Ohio Secretary of State Jon Husted's pick of former state lawmaker Sandra Stabile Harwood to fill an empty spot on the Trumbull County Board of Elections served Democrats and Republicans well on an often hotly contested issue.
Harwood, a Democrat who represented the 65th Ohio House District for eight years (she was term-limited out last year), faced an early challenge when a board Republican proposed eliminating nearly one-third of polling locations in Trumbull County.
Former Trumbull County GOP chairman Craig Bonar said taking the 238 precincts down to 146 would save tens of thousands of dollars in election-related expenses and cut down on errors caused by people voting in the wrong precinct.
Harwood resisted at the April meeting, her first, citing concerns about the timing of Bonar's proposal and any impact of a bill in Columbus that would require voters to show photo identification at the polls.
She also needed more time to review the proposal, which had just been presented to her that day.
Bonar had been pushing to have the reform approved sooner than later to have it in place for the November general election. For that to happen, elections board workers needed approval by the end of May.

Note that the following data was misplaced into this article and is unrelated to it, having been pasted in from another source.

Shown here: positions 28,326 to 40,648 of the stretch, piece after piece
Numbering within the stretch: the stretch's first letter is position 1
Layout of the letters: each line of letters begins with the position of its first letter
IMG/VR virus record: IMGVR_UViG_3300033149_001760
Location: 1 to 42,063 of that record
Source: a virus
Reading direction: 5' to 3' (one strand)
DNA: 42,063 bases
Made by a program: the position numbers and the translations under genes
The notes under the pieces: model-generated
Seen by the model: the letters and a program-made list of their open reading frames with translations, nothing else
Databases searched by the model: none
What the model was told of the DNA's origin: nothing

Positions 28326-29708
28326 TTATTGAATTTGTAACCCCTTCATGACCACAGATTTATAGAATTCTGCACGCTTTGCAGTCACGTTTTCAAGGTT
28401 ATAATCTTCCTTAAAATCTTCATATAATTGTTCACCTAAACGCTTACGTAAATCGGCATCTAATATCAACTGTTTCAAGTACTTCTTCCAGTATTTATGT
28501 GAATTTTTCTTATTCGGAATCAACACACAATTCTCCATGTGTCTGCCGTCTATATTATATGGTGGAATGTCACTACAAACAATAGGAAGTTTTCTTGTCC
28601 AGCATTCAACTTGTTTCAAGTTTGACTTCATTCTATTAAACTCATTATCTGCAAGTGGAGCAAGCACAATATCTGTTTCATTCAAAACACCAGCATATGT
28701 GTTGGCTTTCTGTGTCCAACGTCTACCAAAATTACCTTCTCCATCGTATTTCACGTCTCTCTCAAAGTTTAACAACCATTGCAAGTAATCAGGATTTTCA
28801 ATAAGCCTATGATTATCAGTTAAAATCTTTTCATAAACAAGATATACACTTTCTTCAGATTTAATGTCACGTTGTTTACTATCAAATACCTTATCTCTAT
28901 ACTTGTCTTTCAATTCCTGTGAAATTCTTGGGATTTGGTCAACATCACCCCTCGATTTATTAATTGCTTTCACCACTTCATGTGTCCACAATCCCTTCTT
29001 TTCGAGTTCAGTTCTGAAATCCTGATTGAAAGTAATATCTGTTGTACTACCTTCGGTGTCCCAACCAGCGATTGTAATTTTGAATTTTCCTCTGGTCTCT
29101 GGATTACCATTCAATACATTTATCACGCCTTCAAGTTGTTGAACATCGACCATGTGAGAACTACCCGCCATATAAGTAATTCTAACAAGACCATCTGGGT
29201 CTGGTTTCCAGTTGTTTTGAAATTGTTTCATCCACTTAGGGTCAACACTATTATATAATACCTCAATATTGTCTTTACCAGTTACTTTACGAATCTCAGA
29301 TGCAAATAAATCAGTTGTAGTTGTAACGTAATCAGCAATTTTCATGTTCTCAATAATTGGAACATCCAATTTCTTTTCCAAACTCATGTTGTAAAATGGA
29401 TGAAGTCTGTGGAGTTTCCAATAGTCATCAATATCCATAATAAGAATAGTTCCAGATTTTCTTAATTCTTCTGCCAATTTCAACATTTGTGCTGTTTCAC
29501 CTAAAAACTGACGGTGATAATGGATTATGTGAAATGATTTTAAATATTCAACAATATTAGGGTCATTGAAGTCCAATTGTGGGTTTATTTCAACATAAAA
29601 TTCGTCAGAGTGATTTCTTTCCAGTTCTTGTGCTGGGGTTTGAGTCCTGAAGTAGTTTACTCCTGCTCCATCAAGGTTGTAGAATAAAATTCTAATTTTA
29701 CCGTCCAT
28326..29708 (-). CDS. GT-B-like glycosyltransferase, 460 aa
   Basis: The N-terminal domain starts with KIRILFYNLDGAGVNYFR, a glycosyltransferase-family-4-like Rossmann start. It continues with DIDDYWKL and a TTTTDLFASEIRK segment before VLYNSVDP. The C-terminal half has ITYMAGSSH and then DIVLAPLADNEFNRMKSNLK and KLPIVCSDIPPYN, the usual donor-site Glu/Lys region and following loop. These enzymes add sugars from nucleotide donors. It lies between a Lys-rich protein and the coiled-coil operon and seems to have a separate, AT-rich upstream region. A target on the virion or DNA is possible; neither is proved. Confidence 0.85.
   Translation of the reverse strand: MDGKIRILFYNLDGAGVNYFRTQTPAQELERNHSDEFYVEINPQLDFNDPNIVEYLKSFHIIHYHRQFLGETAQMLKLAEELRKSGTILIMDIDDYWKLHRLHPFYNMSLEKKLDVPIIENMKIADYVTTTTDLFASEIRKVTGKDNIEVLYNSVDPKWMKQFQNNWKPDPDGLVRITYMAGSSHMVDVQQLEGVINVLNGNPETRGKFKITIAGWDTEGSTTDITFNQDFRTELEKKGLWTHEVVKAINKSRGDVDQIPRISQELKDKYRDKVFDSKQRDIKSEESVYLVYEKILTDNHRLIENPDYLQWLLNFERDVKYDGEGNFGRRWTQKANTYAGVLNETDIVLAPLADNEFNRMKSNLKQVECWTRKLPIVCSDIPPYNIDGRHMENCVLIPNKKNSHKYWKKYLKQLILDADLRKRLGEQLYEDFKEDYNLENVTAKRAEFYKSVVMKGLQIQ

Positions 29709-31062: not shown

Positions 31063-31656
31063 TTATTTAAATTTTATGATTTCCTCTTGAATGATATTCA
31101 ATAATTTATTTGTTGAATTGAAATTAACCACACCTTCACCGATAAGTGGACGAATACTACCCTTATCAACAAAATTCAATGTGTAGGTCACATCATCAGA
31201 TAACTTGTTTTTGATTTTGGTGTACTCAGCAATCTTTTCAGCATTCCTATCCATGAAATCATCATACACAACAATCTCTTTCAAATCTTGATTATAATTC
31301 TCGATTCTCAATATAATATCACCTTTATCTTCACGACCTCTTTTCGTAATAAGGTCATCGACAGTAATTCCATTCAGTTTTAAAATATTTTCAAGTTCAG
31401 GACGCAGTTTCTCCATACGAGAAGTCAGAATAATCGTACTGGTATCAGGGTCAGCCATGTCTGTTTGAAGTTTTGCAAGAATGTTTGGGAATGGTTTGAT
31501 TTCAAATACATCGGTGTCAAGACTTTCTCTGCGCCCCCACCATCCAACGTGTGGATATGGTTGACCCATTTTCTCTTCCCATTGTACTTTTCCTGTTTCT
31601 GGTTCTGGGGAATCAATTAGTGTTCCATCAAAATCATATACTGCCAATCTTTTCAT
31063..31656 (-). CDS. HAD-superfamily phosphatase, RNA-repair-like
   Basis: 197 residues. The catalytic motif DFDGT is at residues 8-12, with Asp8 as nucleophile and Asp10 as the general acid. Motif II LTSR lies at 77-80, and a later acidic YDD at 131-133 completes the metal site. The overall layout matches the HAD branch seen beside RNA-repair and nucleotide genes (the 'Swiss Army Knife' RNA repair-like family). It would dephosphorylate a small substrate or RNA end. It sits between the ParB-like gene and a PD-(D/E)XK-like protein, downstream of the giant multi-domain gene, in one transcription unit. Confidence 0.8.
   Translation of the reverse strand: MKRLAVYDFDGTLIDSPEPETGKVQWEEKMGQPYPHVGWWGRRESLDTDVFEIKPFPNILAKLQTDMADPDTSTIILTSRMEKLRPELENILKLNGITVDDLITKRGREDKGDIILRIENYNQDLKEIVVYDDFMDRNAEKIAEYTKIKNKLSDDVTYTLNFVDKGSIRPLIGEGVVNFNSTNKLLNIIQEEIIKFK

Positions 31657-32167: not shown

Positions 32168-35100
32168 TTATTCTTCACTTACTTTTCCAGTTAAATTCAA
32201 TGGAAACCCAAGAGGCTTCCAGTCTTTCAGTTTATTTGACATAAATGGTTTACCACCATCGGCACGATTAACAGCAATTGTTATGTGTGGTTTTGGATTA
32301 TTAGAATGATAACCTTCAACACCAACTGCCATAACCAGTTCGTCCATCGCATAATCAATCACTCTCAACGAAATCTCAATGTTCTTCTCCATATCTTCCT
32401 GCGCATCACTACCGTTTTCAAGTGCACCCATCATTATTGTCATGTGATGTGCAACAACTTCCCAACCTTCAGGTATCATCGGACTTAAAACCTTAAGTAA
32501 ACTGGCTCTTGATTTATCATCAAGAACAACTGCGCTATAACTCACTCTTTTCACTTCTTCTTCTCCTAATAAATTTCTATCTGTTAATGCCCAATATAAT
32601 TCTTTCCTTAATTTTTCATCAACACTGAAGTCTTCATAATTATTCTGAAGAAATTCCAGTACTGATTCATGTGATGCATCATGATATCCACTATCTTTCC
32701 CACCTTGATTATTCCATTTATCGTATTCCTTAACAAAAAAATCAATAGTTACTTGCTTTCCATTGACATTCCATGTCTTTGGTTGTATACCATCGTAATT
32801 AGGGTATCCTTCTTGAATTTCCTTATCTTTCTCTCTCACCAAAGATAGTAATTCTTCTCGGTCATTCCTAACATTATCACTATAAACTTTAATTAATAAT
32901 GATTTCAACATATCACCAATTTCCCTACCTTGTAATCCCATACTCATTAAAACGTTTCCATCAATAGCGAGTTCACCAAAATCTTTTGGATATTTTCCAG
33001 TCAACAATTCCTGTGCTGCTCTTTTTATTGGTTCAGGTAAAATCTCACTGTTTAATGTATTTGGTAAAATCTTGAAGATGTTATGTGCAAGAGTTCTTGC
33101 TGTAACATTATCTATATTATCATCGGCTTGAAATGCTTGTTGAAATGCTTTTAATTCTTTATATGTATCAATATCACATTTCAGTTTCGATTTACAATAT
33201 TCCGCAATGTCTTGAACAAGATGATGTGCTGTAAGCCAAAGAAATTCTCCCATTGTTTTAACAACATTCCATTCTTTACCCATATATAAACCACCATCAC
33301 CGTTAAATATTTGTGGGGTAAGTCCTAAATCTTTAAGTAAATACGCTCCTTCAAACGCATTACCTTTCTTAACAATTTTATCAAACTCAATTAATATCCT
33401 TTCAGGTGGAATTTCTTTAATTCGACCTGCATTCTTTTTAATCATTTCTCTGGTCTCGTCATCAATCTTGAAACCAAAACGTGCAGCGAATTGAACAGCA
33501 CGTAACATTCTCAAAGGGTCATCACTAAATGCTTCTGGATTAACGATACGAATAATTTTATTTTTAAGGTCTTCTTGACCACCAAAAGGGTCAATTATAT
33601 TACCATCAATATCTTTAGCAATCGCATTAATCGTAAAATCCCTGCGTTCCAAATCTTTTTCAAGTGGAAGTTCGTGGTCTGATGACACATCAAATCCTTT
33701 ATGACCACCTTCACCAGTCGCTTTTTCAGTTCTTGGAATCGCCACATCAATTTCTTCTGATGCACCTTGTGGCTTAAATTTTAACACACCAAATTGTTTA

Harwood and fellow Democrat Christ Michelakis, former Democratic party chairman, agreed with Republicans recently to a much more modest reduction of 28 precincts.
Chief among the concerns for the two Democrats were voting numbers and creating the potential for long lines, especially given two highly controversial issues potentially on the fall ballot - the Senate Bill 5 referendum and health care repeal.
"I don't want to do anything to take away the easy access to voting,'' Harwood said then.
And they didn't.
The move simultaneously saves the elections board money, about $25,000 an election, and cuts down on the potential for error - something Bonar and other GOP board member Kathi Creed, county Republican Party chairwoman, wanted. Also, it preserves voter ease at the polls on Election Day - what the Democrats wanted.
The average is 856 voters per consolidated precinct, with the largest having 977 under the new plan. That's far below what's allowable under Ohio law, 1,400 voters per precinct, a number Harwood and Michelakis didn't want to near.
Other revised proposals would have cut between 44 and 75 precincts.
Harwood's placement on the board wasn't without controversy, but the debate didn't center around the former state representative. Instead, it swirled around Trumbull County Democratic Party Chairman and county Commissioner Dan Polivka.
Polivka's attempt to fill the board spot left open by Niles Mayor Ralph Infante, who had to resign to run for re-election, was rebuffed by Husted, who reasoned the positions of commissioner and elections board member were incompatible due to conflicts of interest.
Polivka, who says he never questioned Harwood's fitness to serve, was irked by Husted, who Polivka claimed side-stepped the local party's power to recommend a new board member.
Husted's spokesman said the office stands behind its process to select Harwood, saying in an email that she would do a great job and serve the county well.